Many of the main points from the original treatment were included the final novel, such as leading man Ian showing up unexpectedly at leading lady Gillian's opening at a Denver art gallery, and her subsequent return to Denver to hide out from her homicidal ex husband. However, a subplot about Ian selling his house and moving into a condo with his son, Larry, never made it into the final version. Good thing too. It was boring and did nothing to enhance the story. Likewise, many other scenes in the final novel were never included in the treatment, such as a pivotal moment when Gillian nearly drowns.

The most notable change, however, had to do with the characters themselves. Laura, Ian's ex wife, was intended to be shy and demure. A savvy businesswoman, she ended up being anything but shy and demure. Laura speaks her mind. That's why Jeremy is so direct.

And speaking of Ian's oldest son, Jeremy was originally intended to be a villain. Aggressive, if not nefarious, Jeremy was to only have a small role before being written out. In the treatment, Gillian befriends him and he tries to force himself on her. She, of course, turns him down. Rejected, he soon enlists in the Marines and ends up being deployed to Afghanistan while a furious Ian blames it all on Gillian. Nah, that definitely wouldn't have worked. Ian wouldn't have had such an evil son. Then Jeremy told me he wasn't a bad guy either, although he is still drawn to Gillian. He would, instead, became a rival, rescuing Gillian when she nearly drowns, then competing with his father for her affection. This created a whole new subplot which became the second half of the book. Many readers tell me it was their favorite part of the story.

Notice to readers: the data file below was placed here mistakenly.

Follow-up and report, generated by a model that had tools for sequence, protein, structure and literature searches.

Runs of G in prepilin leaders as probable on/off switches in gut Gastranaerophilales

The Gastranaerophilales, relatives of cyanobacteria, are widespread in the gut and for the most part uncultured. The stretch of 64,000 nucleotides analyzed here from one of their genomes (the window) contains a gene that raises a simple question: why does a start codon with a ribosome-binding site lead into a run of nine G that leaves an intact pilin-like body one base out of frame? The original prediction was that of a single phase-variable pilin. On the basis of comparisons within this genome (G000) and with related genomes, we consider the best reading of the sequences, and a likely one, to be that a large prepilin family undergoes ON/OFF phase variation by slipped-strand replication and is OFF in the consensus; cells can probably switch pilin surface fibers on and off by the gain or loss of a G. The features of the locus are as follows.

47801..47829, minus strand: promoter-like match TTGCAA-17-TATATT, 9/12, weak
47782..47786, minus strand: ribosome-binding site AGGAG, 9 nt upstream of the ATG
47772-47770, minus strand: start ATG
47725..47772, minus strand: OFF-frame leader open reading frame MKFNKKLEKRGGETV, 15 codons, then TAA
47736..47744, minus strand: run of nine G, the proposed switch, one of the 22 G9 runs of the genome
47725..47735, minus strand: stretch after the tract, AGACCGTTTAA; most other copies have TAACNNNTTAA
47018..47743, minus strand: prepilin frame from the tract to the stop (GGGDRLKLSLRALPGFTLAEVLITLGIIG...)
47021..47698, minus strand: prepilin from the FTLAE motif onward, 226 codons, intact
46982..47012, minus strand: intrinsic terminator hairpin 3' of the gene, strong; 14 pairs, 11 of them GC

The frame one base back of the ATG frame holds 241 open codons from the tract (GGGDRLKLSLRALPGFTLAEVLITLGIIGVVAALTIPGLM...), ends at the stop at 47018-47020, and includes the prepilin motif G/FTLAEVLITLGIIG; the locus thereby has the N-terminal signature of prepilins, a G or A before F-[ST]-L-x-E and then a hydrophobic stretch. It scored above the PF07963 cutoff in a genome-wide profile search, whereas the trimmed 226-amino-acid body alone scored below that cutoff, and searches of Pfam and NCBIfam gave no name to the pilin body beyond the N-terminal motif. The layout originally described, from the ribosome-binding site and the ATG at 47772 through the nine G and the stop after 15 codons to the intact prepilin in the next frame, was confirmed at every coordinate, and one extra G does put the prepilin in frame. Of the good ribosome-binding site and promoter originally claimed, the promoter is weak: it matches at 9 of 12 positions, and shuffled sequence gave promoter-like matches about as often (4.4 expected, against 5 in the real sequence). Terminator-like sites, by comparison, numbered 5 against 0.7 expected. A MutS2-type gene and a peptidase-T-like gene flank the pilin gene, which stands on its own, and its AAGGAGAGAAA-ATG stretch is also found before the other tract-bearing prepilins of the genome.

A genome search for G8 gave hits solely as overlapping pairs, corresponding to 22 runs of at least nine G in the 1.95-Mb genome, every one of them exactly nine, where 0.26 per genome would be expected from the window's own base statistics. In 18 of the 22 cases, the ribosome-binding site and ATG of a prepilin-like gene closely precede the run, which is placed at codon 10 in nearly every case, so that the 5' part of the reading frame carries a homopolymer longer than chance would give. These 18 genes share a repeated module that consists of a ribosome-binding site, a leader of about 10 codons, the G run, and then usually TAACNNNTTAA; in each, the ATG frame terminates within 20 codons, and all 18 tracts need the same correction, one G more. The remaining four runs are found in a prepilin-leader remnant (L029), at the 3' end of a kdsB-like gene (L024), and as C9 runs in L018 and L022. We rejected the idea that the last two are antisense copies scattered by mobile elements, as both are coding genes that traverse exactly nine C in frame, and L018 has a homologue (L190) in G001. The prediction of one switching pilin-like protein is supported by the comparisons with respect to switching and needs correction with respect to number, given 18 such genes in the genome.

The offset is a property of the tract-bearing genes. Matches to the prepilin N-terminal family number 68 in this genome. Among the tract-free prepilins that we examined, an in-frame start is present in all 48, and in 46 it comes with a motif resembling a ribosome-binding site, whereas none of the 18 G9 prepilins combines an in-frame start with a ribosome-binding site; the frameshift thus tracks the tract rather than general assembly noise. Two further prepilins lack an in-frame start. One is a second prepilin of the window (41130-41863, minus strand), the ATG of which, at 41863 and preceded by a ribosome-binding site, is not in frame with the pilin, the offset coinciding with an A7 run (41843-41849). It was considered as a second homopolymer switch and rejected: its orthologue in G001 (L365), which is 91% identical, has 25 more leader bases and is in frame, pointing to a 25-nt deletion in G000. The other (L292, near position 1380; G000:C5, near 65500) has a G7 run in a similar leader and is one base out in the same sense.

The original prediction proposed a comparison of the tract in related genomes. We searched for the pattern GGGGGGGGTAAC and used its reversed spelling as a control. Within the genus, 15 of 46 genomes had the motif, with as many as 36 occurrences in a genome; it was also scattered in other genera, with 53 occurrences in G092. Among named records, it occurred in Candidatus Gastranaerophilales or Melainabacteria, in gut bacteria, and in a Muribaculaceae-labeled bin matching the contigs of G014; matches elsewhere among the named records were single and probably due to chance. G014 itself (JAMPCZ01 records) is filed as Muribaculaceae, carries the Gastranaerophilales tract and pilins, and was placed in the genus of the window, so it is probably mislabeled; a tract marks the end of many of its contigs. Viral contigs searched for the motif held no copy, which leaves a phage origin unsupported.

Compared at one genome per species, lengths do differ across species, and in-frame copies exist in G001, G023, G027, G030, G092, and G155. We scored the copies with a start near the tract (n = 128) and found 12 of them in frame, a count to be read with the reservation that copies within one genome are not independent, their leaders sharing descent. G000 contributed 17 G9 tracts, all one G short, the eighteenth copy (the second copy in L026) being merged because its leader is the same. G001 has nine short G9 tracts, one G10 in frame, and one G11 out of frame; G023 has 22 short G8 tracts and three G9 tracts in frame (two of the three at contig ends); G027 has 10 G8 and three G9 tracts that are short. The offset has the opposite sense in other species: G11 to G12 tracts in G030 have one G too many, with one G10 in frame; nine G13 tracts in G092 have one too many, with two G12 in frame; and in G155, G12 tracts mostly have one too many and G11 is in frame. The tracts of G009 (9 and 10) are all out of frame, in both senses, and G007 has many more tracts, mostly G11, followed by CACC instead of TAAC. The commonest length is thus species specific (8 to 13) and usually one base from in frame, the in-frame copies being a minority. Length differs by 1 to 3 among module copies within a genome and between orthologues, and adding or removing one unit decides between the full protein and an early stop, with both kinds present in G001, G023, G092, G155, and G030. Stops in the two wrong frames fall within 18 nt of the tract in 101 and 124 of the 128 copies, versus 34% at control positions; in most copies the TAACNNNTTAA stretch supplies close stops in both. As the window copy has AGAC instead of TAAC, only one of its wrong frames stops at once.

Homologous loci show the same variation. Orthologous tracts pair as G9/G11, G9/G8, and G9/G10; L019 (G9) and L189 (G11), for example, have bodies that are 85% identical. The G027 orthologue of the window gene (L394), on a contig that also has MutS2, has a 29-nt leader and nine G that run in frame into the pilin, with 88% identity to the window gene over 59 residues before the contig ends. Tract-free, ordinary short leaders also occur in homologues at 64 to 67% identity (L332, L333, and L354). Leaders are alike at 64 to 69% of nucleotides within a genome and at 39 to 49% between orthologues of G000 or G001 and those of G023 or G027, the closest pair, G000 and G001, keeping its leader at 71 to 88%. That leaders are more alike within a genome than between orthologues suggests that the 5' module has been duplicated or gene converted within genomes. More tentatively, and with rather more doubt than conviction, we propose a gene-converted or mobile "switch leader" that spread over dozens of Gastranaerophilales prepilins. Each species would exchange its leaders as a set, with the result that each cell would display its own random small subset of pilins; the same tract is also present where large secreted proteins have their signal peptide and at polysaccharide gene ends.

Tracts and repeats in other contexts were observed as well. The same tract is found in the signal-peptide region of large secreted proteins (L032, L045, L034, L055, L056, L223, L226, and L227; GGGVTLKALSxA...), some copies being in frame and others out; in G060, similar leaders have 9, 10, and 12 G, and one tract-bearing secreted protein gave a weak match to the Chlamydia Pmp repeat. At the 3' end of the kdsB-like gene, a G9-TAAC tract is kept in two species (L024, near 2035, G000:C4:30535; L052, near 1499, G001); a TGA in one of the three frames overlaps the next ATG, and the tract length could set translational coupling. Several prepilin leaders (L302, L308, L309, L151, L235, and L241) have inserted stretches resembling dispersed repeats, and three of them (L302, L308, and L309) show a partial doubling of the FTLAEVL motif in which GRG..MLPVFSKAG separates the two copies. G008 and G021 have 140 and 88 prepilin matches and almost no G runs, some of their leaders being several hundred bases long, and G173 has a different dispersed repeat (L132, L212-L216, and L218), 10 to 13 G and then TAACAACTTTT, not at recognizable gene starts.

The end of the story was fairly close to what was in the original treatment. Now I can't tell you that because it would spoil it for the those who haven't yet read the novel. Suffice to say that it all works out, and Gillian ends up with the right guy.

MM

Saturday, May 11, 2013

Oh My!

I've had some interesting feedback from some of the men who've been reading my novels. They tell me they've really enjoyed reading my sex scenes. Apparently I have a talent I didn't know I had. To quote George Takei, "Oh, my!"

Well, I confess. I've done some research on how to write effective "love" scenes, and I'm happy explain the techniques I use.

I start by taking my time to build the sexual tension between my characters, and the build up happens slowly. Arousal starts innocently, with hands accidentally brushing, or touching a forearm. The man may find the lady's dress sexy. Sometimes horseplay turns into foreplay.

Some body parts are never mentioned by name. I'm writing romance, not a medical textbook. My goal is to describe what the characters are feeling. I'll refer to it with words like, "she felt a sweet sensation." We all know what happens during "the act." My editor came up with a wonderful way to refer to it--"reaching his (or her) release," and I'll often use the words, "climax," "ecstasy" or, "the two briefly became one," when describing the euphoria the characters are experiencing.